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Where is fashion blogging taking us?

Fashion blogging is relatively wide category of blogs, but right now the popular niche (if I can even name this like that) is a blog that consists on everyday outfits. It sounds simple. You dress up, take pictures and do your thing through out the day. But is this still so simple? Or does that now mean posting outfits, showing your new (preferably sponsored or really expensive, or both) things on a daily basis? We see thousands of bloggers, posting about their new pair of oh so cute pair of shoes that just couldn’t stay in the shop one day, that perfect black bag you just can’t pass the other. It seems like fashion bloggers (or few/some of them, I don’t want to stereotype here) are slowly turning into a walking talking commercial for spending and splurging. And is that a positive thing? Do we really want to tell our followers it’s okay to buy whatever they walk by and looks good? While it’s nice to see all the beautiful stuff, it also gives you that desire that you just have to have it, even though you don’t really need another studded pair of black flats and frankly can’t even afford it.

Also, it’s kinda funny that they are calling themselves real girls, when in reality, real girls can’t afford designer clothes, bags and shoes every month. The famous “I like my money where I can see it… Hanging in my closet” can’t really apply in life, I’m afraid. The bills and food are probably more important to most of the population.

Don’t get me wrong, I am very happy for those who can afford all that, it’s very nice to see these pretty things on girls who know how to style them and appreciate the value. But do they really? When you posses 197 bags and shoes, do they still have that special feeling in them, when you can’t stop looking them and you take better care of them than yourself? Or do they become just another one in your collection?

In my point of view, blogs are a perfect thing to find inspiration, to get ideas, they are also a great way to showcase your creativity. But let me ask you something. Is there any creativity involved when you have a closet big as one normal apartment and your shoe collection holds 60 pairs of shoes? I can totally get that those lucky ones are able to dress differently every day. But some (well, most of us) are stuck with few pieces, but personally, I think that’s the time that creativity comes out and shines. It’s not that simple style a black dress in 10 totally different looks without adding also 10 totally different shoes and accessories. Black dress is after all just a dress and it’s not magical.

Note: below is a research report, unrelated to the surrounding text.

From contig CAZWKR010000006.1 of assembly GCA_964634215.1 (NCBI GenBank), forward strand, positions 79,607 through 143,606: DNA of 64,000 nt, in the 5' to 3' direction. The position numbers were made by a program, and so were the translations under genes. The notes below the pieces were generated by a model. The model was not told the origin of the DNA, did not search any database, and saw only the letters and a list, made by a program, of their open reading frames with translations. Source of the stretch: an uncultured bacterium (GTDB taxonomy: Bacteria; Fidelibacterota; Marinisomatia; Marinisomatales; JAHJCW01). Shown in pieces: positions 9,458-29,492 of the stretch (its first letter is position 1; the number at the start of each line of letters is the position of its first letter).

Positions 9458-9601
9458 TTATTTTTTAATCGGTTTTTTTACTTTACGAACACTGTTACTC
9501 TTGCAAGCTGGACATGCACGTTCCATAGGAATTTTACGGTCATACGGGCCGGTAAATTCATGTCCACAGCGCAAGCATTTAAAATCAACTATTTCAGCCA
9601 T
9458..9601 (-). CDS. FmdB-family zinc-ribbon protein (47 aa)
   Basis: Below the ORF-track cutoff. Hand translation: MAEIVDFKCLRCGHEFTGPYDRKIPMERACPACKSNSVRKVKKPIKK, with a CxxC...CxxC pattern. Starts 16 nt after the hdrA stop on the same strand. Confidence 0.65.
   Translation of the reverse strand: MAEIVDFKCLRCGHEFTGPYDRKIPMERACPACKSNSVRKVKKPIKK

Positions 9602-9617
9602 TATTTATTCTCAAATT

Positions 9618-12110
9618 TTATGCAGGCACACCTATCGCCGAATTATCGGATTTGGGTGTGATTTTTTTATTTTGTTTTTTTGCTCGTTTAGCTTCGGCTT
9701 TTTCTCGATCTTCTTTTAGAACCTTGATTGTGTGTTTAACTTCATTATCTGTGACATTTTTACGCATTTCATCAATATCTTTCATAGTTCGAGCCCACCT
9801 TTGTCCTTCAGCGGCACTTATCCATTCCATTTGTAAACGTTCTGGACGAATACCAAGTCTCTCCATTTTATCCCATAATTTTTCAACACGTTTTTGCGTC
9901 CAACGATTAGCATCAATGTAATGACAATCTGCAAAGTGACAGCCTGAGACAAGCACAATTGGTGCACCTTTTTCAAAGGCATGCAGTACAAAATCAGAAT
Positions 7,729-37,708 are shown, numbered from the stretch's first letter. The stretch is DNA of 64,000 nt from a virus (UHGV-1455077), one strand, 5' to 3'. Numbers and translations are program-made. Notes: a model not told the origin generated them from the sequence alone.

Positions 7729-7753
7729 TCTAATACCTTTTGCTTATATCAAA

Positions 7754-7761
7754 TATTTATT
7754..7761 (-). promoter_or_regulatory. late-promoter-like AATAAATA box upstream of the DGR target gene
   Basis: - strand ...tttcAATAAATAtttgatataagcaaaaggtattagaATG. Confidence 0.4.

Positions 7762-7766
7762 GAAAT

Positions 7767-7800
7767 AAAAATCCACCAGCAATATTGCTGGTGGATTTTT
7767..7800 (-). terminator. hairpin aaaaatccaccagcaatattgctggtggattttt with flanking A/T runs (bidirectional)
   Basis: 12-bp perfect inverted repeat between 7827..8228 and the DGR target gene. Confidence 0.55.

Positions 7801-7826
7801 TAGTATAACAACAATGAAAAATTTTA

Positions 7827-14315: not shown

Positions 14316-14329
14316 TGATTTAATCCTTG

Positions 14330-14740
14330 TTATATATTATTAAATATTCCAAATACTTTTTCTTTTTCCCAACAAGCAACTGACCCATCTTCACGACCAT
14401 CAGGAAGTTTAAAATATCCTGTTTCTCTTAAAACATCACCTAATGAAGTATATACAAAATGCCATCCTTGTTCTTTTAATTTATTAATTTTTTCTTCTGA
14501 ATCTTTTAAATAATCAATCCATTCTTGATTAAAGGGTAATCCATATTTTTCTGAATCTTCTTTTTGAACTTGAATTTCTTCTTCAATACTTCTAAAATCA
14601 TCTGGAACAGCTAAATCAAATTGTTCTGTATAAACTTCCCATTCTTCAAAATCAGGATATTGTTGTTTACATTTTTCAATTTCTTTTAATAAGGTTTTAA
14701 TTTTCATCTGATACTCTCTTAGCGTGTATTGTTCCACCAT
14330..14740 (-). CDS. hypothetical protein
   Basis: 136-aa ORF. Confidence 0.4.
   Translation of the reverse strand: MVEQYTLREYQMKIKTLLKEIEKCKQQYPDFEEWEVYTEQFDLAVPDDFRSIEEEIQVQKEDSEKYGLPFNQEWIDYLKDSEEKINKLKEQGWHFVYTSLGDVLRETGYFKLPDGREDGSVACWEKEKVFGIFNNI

I guess what I’m trying to say here is that those fashion bloggers shouldn’t really be named as real, everyday girls anymore. They created a higher level and they basically became that 1%. The blogs are still interesting to follow, but you can’t do much with them as just dream.

My question here is a bit philosophical. Where is this road of fashion blogging taking us?

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  1. Super objava in se nekako strinjam s tabo! Če imaš polno omaro oblek res ni problem sestavit miljon različnih outfitov, če pa imaš omejeno število kosov je zanimiv outfit sestavit mal težje ampak ravno v tem je čar kajne? xx

  2. Super si napisala in se nekako strinjam s tabo. Če imaš polno omaro oblek, čevljev in dodatkov res ni problem sestaviti miljon različnih outfitov. Ko pa imaš na voljo le določeno število kosov je to malo težje ampak v tem je čar kajne? xx

  3. Me too, I use them for inspiration and they're great, but sometimes you get a bit frustrated knowing that you'll never get those things…

  4. I totally agree! I love looking at those “1%” blogs for inspiration. I look pulling from higher end designers and stylists and then doing my own thing with my TJ Maxx flats and a black dress or something. There is no way I could ever afford half the stuff that they post and link to.